Deaths from heroin overdoses in Chicago's Cook County fall 16%: Study

A new study by Roosevelt University's Illinois Consortium on Drug Policy shows deaths from heroin overdoses in Chicago's Cook County fell 16 percent during the last decade, but the Chicago metropolitan region still ranks among the worst in the nation for heroin use. Kimberly Dennis, M.D., eating disorder specialist at Chicago's Timberline Knolls Residential Treatment Center, sees the use of heroin regularly from women and girls she treats and knows the importance of awareness and seeking help to overcome this addiction.

"Heroin is exquisitely addictive, especially when injected, because the effect is euphoric, profound and immediate," said Dr. Kimberly Dennis, Medical Director at Timberline Knolls Residential Treatment Center, a leader in eating disorder treatment, alcoholism and drug addiction treatment, and treatment for cooccurring disorders. "There is a great need for individuals suffering from heroin addiction to seek treatment, and that many times starts with the family and loved ones of these individuals intervening when they suspect a problem."

Loved ones may notice a number of signs of heroin use, which are visible during and after heroin consumption:

  • Shortness of breath
  • Dry mouth
  • Constricted (small) pupils
  • Sudden changes in behavior or actions
  • Disorientation
  • Cycles of hyper alertness followed by suddenly nodding off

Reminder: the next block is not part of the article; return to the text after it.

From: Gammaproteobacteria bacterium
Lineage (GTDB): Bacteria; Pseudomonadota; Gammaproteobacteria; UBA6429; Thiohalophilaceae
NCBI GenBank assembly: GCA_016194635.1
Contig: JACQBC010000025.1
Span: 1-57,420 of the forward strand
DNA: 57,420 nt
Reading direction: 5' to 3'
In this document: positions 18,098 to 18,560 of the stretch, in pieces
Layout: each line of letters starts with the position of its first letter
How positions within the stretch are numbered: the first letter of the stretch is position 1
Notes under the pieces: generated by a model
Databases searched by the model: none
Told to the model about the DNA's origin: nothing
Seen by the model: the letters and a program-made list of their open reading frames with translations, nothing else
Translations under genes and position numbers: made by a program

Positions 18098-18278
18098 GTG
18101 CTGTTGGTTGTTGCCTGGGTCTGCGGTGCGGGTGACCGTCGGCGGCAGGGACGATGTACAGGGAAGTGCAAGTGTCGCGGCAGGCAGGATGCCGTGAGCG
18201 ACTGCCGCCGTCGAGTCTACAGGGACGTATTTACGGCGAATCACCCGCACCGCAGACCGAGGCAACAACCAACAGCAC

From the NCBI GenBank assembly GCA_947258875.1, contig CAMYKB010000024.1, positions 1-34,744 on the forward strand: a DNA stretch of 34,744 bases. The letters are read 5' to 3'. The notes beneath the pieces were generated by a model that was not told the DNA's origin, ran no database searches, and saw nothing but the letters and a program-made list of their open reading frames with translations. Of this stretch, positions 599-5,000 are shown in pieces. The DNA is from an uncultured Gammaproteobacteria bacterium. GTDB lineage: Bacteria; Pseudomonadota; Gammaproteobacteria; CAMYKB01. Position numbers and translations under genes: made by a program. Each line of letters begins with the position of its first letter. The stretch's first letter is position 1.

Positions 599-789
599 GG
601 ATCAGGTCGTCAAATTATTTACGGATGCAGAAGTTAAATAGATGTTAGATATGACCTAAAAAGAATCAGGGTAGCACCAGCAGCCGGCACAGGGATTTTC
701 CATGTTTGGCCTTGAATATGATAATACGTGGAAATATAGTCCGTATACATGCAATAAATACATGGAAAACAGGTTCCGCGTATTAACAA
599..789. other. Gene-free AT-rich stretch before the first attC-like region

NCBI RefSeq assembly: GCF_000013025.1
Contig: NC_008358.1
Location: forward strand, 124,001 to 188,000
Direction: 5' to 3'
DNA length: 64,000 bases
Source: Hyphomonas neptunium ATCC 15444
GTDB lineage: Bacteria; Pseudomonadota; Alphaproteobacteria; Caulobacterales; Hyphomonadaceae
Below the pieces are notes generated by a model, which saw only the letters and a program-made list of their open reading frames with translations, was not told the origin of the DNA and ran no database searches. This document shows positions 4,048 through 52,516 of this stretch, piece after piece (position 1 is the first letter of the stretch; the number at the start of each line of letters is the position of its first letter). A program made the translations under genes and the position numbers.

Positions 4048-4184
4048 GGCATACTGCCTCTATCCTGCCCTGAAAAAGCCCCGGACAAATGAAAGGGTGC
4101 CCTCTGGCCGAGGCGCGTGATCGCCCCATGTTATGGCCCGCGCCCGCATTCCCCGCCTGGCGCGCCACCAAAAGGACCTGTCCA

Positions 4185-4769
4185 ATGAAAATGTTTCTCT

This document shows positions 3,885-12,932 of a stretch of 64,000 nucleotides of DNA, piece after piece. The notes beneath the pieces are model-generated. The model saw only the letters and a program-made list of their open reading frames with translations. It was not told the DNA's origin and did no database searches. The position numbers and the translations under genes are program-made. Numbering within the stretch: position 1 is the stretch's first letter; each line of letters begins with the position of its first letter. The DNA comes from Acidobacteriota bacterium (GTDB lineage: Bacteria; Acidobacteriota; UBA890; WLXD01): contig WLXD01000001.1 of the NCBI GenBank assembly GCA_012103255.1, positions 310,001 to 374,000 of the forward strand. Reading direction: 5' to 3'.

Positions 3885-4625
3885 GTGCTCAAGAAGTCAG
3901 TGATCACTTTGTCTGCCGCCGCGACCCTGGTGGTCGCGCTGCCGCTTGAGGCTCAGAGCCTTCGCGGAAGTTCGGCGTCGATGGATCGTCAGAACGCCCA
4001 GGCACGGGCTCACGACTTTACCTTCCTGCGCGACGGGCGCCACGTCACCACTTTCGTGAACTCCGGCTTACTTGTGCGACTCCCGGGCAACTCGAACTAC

• Droopy appearance, as if extremities are heavy

But the above signs are not unique to heroin abuse. More definitive warning signs of heroin abuse include possession of paraphernalia used to prepare, inject or consume heroin, including:

  • Needles or syringes not used for other medical purposes
  • Burned silver spoons
  • Aluminum foil or gum wrappers with burn marks
  • Missing shoelaces (used as a tie off for injection sites)
  • Straws with burn marks
  • Small plastic bags, with white powdery residue
  • Water pipes or other pipe

Loved ones must watch for these warning signs and for paraphernalia used in heroin abuse – and seek help immediately. Heroin use is associated with high risks of overdose and death, hepatitis and HIV transmission. But through effective heroin addiction treatment and therapy, lifelong recovery can be achieved.


Timberline Knolls Residential Treatment Center


The opinions expressed here are the views of the writer and do not necessarily reflect the views and opinions of News Medical.
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